A word from Dean Richard Goodstein – December 2014

December 2, 2014

Dear Friends,

Warm holiday greetings from campus. This time of year brings together friends and family and allows students, faculty and staff a welcome break between semesters. I would like to extend a special welcome to the parents of our students, who are receiving this newsletter for the first time.

As we look back on the past year, there is much to be thankful for with significant historical accomplishments and milestones in Clemson’s history, including Jim Clements being named our 15th president and the hiring of our new Executive Vice President for Academic Affairs and Provost, Bob Jones. We’ve seen Clemson reach the U.S. News and World Report Top-20, received unprecedented applications for admission and had our Architecture and City and Regional Planning programs achieve national rankings. Additionally, the Brooks Center and Lee Hall were named to Top-10 lists for academic excellence.

In mid-November, the College of Architecture, Arts and Humanities hosted a visit by Dr. Craig Wilder, noted historian from the Massachusetts Institute of Technology and author of Ebony and Ivy: Race, Slavery and the Troubled History of America’s Universities. Dr. Wilder spent two days on campus, speaking to students, faculty, staff and community members. The highlight of his visit was a well-attended keynote address in Tillman Hall. The conversations that permeated throughout and following Dr. Wilder’s visit will help build a bright future for Clemson through a better understanding of our past. A very big thank you to Professors Rhondda Thomas and Diane Perpich for putting together Dr. Wilder’s remarkable visit.

A Milestone for Clemson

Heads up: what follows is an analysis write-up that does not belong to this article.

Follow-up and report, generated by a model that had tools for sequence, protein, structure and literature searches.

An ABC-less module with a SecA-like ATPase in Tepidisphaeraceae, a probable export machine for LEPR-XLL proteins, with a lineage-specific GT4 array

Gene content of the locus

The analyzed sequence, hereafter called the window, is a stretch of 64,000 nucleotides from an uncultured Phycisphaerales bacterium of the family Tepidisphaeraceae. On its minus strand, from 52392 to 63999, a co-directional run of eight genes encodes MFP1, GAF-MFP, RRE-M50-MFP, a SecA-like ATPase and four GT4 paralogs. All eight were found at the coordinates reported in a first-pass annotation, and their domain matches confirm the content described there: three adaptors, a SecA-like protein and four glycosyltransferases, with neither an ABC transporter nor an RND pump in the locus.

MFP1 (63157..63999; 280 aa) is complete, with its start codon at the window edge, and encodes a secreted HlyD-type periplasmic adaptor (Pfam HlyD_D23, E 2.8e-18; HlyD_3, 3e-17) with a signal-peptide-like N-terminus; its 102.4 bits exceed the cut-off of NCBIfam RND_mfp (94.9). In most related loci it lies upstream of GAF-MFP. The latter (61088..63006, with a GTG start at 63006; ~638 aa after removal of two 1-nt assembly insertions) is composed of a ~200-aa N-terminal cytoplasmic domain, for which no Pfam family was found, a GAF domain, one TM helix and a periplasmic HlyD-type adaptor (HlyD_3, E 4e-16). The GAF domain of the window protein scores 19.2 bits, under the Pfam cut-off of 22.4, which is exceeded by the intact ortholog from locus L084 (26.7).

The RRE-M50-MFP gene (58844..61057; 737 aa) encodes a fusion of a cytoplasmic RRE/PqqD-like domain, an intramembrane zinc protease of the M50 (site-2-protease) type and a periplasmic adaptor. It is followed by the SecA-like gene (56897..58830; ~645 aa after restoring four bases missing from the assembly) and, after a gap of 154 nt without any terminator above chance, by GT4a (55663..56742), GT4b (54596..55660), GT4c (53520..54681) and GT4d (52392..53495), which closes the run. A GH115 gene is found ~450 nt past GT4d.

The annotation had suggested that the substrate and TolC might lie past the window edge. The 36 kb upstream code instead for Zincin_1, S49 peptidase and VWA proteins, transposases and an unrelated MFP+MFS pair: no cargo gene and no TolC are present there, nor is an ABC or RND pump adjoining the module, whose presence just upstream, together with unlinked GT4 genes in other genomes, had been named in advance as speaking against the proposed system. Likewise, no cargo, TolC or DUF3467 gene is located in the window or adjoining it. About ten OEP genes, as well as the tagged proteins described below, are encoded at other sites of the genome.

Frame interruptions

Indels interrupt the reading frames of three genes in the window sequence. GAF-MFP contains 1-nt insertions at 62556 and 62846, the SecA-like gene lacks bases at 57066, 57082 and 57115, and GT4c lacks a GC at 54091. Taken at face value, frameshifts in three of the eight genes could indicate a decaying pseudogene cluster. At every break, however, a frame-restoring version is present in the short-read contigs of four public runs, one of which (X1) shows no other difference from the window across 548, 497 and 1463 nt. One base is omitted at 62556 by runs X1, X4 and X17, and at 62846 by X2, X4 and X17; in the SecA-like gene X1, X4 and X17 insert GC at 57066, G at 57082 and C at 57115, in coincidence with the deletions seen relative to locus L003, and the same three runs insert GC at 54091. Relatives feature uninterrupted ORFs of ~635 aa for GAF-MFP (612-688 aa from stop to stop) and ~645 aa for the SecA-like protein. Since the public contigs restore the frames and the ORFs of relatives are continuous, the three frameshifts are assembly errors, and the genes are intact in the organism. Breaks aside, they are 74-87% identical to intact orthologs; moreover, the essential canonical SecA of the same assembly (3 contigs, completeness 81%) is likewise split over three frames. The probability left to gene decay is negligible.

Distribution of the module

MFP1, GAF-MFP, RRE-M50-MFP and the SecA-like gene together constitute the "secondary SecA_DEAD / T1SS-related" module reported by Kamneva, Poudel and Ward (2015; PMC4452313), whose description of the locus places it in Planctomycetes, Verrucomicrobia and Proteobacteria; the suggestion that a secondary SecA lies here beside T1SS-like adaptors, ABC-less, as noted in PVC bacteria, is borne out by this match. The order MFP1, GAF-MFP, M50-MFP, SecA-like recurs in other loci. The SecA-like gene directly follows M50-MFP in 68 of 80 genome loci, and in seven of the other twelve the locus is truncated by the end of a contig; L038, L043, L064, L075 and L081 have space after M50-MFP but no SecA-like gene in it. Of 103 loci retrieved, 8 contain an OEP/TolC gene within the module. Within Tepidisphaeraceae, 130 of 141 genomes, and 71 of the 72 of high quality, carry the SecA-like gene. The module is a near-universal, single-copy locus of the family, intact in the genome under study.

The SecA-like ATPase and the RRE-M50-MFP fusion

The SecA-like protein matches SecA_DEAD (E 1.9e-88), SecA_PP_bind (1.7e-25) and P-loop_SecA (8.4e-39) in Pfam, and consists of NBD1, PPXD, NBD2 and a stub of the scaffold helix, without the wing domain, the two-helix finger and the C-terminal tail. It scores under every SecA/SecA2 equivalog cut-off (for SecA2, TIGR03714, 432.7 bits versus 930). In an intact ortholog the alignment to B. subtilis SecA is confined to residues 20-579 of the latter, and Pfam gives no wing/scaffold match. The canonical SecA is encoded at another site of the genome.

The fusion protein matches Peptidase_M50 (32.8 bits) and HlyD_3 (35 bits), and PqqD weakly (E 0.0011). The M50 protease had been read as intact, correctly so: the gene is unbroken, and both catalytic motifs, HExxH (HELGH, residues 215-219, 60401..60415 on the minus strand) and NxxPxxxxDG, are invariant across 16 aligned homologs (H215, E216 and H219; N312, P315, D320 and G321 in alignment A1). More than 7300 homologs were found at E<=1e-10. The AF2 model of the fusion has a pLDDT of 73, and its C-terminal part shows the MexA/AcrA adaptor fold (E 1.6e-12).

The Clemson University competition team of students and faculty who are participating in the U.S. Department of Energy Solar Decathlon 2015 will unveil their design and prototype to the public this morning. The project, titled Indigo Pine, has the potential to revolutionize the homebuilding industry, transform low-cost affordable housing options and provide a new level of sustainability education for our students. The project touches virtually every emphasis area at Clemson and is a model of collaboration between Architecture, Engineering and more than a dozen other majors across campus. The team is being led by principal investigators Vincent Blouin, who holds a joint appointment in architecture and materials science and engineering, and Dan Harding and Ulrike Heine from the School of Architecture.

Indigo Pine is a perfect representation of a STEAM initiative. A national focus on Science, Technology, Engineering and Math education has been around since the 1990s. Over the past several years, the addition of an “A” to STEM has gained significant traction – the idea that the arts, (broadly defined as inclusive of all the liberal and design arts) can empower students to be creative, innovative and problem-solving critical thinkers. STEAM education is increasingly seen as a priority for K-16 students. To accelerate the college’s STEAM efforts, a college-wide task force was formed in November with 29 faculty and staff volunteering from across the college. I was blown away by the amount of interest in STEAM. It reinforces the notion that Clemson is poised to take STEAM education to the next level in order to educate the next generation of college students in important and innovative new ways.

It truly has been a remarkable semester and, to all our students, faculty, staff, parents and friends, I wish all of you the happiest of holidays.